Excited and Empowered

By USCRI June 14, 2023

I am excited for my future and feel empowered by my past

-Excerpts from a college essay by Khurshid, an 18-year-old USCRI NC client from Afghanistan

I came to Raleigh, NC from Afghanistan on December 15, 2021, with my sister. We were resettled by USCRI NC and stayed in a Welcome House for six months. Then we found another place to stay.

I remember Valentine’s Day, February 14, 2022, was my first day at an American high school. Despite the heart stickers on the walls, my first day of school was very difficult. I could not understand what the teachers were asking of me. As much as I wanted to learn, I could not understand a word they said. This resulted in frustration and tears.

While I was dedicating all my free time to my ESL homework, my sister was working twelve-hour shifts so she could provide for me. We struggled to make ends meet.

I was trying my best to learn English. I watched movies in English, read books about grammar, practiced my ESL homework, and tried to speak English to my native English-speaking peers at high school.

My sister, whose dream is to go to nursing school, sacrificed her own education. She worked the night shift in at a physically demanding job so that I could focus on my studies without having to get a job.

I am happy I had the opportunity to continue learning at school, but I also feel great sadness and guilt for the sacrifices my sister made for me. I owe my sister so much for the opportunities she has given me. I feel it is my duty not to waste her gifts. I owe it to her to pursue higher education, so that one day I can get a job and return the favor. Then she will be able to take a break and go back to nursing school.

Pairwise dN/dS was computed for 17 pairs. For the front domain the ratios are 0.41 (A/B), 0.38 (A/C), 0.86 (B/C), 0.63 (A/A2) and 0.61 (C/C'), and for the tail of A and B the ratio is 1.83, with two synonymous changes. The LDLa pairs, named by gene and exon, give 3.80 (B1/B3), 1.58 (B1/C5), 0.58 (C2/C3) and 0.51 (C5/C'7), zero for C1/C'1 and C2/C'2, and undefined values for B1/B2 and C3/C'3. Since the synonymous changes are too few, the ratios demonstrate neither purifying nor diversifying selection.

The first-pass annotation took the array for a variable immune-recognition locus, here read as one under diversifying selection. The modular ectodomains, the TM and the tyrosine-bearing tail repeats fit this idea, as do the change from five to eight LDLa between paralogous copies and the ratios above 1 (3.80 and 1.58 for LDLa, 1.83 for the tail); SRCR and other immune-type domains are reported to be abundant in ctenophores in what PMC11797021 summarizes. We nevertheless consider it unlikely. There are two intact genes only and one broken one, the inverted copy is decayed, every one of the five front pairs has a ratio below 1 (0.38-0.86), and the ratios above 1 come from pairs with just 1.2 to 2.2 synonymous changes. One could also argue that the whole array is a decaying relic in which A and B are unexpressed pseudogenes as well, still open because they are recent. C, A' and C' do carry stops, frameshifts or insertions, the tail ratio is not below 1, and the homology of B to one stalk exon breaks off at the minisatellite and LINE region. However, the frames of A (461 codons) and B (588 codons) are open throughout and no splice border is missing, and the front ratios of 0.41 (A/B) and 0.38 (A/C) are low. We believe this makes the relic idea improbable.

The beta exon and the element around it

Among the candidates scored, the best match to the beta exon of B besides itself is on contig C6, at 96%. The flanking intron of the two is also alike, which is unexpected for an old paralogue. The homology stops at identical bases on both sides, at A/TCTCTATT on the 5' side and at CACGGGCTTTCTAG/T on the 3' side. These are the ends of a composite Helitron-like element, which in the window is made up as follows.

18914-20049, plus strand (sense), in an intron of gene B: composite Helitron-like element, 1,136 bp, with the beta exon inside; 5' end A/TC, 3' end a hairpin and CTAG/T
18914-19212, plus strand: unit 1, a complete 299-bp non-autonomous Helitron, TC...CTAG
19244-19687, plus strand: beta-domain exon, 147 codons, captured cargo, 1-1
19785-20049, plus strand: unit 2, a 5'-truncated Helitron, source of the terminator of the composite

I am proud of myself; I have been able to challenge and improve myself. I am now on the high school A-B Honor Roll. Less than two years ago I could not speak a word of English.

When I look back at these two years, I feel I am much stronger, more confident, surer of myself now than I was when I was in Afghanistan. Despite my struggles, I am incredibly grateful to be here and have these educational opportunities. Many of those I left behind are deprived of education. Sometimes I feel tired of studying, but I tell myself that many daughters in Afghanistan wish to go to school. Now, it is my duty to use this opportunity and get an education, get a good job, and take advantage of the opportunities my struggles and my sister’s sacrifices have given me. …

I am excited for my future and feel empowered by my past.

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